You said you wanted no more than this

thin black dog draped over our feet

propped heel to heel and thigh to thigh

 

and fingers curved around a white mug

in whose coffee lilts a sweeter version

of the milky way bridging dream and dawn

 

and questions about the prayer mountain

I climbed as the daughter of strangers

made of incense and stones and returning

 

with nothing but the memory

of finding footholds in the musky earth

of a mountainside

 

without you & before us or the dog

who now lifts a red-lidded eye

as vast as stars just starting to spin.

____________________________________________________________________________________________________

Marci Calabretta Cancio-Bello is the author of Hour of the Ox (University of Pittsburgh, 2016), which won the 2015 AWP Donald Hall Prize for Poetry and the 2016 Florida Book Award bronze medal for poetry, and was a finalist for the 2017 Milt Kessler Award. She has received poetry fellowships from Kundiman, the Knight Foundation, and the American Literary Translators Association, among others. Her work has appeared in Best New Poets, Best Small Fictions, The New York Times, and more. She serves on the advisory board for the Sundress Academy for the Arts and is a program coordinator for Miami Book Fair. See www.marcicalabretta.com.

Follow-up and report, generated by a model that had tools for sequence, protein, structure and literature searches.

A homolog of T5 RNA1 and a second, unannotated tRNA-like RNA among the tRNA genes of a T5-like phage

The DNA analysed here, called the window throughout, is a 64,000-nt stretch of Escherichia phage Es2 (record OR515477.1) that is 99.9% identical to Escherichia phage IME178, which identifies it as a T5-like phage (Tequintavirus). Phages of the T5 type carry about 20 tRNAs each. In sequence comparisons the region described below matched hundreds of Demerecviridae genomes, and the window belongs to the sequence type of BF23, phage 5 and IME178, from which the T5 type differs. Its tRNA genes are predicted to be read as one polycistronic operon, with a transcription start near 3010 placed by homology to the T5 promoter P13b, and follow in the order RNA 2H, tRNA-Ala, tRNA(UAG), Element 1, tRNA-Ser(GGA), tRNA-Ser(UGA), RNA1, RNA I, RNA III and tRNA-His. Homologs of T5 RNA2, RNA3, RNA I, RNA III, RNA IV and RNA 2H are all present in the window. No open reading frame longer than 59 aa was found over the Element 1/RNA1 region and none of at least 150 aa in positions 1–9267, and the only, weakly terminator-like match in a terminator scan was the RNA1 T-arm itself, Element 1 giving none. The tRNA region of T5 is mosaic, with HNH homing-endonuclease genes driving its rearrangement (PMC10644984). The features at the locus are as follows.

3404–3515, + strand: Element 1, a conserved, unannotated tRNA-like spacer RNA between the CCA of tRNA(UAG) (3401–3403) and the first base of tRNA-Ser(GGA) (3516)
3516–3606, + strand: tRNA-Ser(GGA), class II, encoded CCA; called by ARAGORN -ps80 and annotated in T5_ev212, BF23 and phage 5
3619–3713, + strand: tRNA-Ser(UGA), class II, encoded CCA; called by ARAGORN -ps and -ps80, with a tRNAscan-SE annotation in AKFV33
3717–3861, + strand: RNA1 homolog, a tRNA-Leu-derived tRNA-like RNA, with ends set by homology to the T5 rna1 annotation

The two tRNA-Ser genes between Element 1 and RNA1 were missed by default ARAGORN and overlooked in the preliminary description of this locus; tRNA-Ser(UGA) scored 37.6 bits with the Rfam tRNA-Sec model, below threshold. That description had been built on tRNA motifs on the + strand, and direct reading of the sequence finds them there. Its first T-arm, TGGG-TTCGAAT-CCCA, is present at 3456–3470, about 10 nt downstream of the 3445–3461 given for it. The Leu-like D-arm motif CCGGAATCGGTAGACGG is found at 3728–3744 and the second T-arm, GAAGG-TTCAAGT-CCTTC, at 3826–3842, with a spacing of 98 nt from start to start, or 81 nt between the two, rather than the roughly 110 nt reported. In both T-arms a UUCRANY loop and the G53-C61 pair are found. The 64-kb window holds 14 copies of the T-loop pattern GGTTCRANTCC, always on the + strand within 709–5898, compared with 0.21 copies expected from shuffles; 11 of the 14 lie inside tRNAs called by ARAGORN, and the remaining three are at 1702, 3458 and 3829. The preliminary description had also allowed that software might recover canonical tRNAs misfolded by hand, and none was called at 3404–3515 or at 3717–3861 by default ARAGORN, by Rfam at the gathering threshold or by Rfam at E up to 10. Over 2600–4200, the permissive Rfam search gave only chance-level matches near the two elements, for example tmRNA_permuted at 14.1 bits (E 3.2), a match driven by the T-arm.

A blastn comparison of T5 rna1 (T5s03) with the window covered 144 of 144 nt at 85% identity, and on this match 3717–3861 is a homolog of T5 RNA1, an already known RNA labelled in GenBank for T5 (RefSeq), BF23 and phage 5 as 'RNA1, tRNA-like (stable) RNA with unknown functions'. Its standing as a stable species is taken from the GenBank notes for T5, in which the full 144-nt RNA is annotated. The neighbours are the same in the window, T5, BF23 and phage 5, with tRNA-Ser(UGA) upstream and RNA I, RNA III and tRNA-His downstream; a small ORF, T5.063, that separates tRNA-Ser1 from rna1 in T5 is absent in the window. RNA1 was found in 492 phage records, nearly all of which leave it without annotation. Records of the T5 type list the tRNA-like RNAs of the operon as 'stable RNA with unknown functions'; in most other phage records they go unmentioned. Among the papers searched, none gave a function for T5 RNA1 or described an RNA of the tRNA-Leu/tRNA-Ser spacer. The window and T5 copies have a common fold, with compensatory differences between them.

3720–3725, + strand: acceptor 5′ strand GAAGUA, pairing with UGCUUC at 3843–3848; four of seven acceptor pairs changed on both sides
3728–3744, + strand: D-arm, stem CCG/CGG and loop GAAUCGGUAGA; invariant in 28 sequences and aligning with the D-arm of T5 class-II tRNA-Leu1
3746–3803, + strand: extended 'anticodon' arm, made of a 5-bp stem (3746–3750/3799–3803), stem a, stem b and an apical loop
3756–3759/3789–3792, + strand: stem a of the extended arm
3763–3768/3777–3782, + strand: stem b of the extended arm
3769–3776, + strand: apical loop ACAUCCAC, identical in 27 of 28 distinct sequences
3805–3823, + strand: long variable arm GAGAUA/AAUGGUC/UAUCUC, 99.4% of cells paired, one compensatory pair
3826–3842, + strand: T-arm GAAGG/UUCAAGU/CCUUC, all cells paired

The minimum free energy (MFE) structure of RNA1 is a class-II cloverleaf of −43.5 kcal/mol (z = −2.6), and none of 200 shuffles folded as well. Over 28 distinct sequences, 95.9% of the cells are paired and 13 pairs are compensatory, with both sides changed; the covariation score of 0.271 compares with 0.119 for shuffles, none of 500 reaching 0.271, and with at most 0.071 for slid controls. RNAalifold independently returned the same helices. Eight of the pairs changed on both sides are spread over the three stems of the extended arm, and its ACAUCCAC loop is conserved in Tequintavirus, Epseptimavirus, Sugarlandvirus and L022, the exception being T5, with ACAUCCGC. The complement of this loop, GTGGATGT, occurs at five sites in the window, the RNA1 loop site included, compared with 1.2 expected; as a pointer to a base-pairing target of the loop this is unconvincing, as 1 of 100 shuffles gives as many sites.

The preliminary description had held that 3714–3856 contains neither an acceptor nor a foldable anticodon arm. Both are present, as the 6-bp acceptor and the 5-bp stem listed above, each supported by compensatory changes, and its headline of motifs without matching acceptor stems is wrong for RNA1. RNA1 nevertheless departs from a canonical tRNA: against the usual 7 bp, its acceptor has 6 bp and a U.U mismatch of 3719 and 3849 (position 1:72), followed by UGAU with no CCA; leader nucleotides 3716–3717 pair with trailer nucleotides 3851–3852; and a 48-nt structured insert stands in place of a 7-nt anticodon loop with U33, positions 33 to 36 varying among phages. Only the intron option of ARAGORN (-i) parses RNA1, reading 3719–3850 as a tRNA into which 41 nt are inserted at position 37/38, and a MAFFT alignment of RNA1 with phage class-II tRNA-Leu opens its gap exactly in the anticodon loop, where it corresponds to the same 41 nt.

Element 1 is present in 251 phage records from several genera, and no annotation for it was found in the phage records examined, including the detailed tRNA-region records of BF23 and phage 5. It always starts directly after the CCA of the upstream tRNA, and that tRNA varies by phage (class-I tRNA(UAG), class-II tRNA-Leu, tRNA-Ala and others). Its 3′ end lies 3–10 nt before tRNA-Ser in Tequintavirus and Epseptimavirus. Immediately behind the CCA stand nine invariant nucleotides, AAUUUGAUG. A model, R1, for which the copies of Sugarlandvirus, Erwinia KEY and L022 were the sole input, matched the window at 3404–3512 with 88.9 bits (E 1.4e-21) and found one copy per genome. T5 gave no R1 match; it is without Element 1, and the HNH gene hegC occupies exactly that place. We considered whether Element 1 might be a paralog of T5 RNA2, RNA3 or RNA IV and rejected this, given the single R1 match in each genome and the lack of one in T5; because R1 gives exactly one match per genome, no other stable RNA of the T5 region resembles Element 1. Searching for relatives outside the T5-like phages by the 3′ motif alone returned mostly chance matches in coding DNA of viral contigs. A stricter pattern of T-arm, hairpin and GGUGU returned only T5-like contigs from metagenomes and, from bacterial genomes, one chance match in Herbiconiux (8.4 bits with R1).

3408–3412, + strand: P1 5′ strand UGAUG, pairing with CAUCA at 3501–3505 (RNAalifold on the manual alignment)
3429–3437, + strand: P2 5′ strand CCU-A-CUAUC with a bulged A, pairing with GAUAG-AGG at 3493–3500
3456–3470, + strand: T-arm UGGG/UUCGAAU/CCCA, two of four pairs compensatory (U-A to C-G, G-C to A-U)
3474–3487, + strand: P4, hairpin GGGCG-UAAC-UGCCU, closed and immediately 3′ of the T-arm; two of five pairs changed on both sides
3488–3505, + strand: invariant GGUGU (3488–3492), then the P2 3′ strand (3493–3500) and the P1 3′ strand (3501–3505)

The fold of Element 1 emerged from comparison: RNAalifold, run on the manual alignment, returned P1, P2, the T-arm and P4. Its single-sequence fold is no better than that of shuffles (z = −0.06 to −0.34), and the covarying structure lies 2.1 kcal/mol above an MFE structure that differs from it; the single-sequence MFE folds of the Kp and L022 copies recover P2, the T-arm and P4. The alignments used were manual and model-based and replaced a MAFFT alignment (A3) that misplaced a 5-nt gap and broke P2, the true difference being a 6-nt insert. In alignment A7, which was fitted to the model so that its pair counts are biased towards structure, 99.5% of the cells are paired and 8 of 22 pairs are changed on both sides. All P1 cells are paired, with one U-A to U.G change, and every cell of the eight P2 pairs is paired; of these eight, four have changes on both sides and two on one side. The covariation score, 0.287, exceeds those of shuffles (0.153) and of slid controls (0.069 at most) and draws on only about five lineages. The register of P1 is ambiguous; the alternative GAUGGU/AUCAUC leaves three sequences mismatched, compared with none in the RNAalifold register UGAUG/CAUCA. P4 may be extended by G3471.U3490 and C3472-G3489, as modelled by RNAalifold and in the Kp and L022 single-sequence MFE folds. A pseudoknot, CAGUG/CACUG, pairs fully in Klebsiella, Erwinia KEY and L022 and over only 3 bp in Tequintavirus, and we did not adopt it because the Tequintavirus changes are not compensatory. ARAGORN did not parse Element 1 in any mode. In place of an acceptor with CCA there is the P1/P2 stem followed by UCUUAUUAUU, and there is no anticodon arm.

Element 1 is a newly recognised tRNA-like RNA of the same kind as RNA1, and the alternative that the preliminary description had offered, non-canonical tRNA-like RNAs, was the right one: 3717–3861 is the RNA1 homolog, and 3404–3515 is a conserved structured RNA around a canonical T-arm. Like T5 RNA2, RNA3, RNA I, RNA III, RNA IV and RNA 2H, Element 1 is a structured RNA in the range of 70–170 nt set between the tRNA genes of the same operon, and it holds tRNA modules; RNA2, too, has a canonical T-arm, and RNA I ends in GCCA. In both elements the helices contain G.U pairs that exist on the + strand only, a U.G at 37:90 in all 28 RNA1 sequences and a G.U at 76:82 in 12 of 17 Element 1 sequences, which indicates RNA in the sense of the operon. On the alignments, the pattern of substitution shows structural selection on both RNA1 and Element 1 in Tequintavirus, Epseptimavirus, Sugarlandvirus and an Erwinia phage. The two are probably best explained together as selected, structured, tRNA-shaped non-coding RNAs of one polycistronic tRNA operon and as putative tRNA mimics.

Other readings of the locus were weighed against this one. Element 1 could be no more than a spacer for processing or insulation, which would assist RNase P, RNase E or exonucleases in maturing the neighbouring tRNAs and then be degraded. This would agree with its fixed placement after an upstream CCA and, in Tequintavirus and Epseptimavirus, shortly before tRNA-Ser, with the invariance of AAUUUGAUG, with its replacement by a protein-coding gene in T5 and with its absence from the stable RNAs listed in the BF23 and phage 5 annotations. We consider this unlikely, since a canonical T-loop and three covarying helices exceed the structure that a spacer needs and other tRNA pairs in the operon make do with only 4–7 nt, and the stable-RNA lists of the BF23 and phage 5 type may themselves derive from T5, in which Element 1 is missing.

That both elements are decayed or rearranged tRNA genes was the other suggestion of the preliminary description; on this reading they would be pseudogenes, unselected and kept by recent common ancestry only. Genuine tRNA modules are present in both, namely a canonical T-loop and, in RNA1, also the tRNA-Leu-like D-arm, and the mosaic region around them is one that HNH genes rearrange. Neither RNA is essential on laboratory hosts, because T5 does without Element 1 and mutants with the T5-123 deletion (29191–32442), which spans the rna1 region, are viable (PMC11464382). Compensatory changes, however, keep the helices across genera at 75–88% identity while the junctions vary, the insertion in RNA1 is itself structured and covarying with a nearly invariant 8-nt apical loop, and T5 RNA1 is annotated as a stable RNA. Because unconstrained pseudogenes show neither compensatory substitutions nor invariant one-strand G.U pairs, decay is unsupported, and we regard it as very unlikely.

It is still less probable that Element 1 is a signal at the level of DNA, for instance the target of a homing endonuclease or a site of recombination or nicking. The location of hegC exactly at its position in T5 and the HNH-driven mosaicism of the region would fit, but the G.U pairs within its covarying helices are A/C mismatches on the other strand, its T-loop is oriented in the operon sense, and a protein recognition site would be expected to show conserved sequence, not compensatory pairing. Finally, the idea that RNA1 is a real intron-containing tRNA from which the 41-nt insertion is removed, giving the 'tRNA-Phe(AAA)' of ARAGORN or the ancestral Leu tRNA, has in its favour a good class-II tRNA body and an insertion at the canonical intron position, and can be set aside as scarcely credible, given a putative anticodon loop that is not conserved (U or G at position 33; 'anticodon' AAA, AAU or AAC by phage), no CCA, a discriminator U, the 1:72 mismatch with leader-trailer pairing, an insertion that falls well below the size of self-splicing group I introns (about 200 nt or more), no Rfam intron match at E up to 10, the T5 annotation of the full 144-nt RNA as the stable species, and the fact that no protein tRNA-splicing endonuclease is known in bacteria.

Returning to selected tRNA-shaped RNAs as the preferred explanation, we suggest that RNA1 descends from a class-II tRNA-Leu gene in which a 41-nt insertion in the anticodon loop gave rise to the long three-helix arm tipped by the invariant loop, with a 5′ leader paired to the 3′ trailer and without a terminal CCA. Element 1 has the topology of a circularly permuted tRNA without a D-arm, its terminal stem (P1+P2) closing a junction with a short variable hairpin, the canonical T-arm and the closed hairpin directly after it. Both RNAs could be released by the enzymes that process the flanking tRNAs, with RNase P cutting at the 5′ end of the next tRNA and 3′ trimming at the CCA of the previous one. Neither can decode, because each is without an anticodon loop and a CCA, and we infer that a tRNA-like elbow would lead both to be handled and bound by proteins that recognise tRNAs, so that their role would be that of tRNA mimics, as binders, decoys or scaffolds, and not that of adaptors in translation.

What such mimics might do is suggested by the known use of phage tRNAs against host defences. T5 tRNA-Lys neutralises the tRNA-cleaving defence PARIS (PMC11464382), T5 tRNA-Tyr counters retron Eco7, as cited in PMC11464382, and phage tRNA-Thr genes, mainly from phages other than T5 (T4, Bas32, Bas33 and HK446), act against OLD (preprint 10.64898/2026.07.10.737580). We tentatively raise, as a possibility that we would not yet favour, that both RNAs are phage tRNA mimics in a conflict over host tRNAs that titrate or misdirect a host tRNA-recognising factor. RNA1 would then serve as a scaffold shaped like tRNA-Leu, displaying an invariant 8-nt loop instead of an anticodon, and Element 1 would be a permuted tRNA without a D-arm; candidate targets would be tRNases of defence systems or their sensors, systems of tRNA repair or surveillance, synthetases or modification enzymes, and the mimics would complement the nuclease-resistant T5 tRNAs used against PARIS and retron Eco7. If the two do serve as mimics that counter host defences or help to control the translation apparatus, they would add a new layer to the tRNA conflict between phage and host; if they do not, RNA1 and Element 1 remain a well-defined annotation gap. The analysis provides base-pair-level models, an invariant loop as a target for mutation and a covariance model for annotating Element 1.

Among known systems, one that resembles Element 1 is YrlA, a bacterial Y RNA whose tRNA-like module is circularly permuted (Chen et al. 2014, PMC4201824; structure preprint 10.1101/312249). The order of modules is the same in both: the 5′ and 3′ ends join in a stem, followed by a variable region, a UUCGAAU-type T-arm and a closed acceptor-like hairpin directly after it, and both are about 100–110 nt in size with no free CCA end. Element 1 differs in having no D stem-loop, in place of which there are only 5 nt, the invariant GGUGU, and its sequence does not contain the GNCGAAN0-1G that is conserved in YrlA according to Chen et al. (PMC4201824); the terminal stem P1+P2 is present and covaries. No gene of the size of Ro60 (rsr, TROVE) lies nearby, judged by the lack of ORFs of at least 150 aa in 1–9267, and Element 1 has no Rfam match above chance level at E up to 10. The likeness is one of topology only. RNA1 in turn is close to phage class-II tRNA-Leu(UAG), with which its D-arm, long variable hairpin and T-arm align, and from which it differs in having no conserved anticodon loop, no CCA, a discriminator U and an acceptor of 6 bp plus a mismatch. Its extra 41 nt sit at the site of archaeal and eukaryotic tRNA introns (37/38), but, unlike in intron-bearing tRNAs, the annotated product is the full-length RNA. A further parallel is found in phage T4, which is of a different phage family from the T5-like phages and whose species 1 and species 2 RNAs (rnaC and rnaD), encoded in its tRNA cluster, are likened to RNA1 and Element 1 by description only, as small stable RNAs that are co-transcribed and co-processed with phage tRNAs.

by Cynthia Atkins

It has been steam cleaned

in 10 states. Slapped by a mother

spat on by a boss. This is how

everything is fine until it is not.

            It changed its mind

like umbrellas brought

on all the wrong days. 

It wore shoulder pads and burned

          a husband with a curling iron. 

It called 911. It did what it had to do. 

It held your bag of hygiene, oily

perfume, rotten teeth. Joy and pain

          live on the same street.  

It has an expiration date.  

It hung in the closet like a bad check.

It flagged all the pools of blood

        and the grief of mothers.

It was a dirge of old wars and vacant

parking lots. It was the place I sat alone

and cried all nightmare long.  

It is a junkyard clock

        with dog-chewed hands. 

It is God mouthing the anthem

I never learned. It gnawed

        at the wind shield, made of rain.  

It sat in a diner all night long, waiting

for the lord or the guy with a day job

        to take his knife home.  

This is the lake that lives within the skin,

that lives with an illness that dangles 

like a yo-yo on a string. And another body

       beget out of mine, long and wide

as the Rio Grande. The body just wants

something loyal and divine,

     a dog’s eyelids fluttering in sleep.

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Cynthia Atkins is the author of Psyche’s Weathers and In The Event of Full Disclosure, and the forthcoming collection, Still-Life With God. Her poems have appeared in numerous journals, including Alaska Quarterly Review, Apogee, BOMB, Cleaver Magazine, Cultural Weekly, Diode, Florida Review, Flock Lit, Green Mountains Review, Le Zaporogue, Los Angeles Review, North American Review, Rust + Moth, Sweet: A Literary Confection, Tampa Review, and Verse Daily, and have been nominated for Pushcart and Best of The Net. Atkins teaches creative writing at Blue Ridge Community College and lives on the Maury River of Rockbridge County VA with her family. See more at www.cynthiaatkins.com.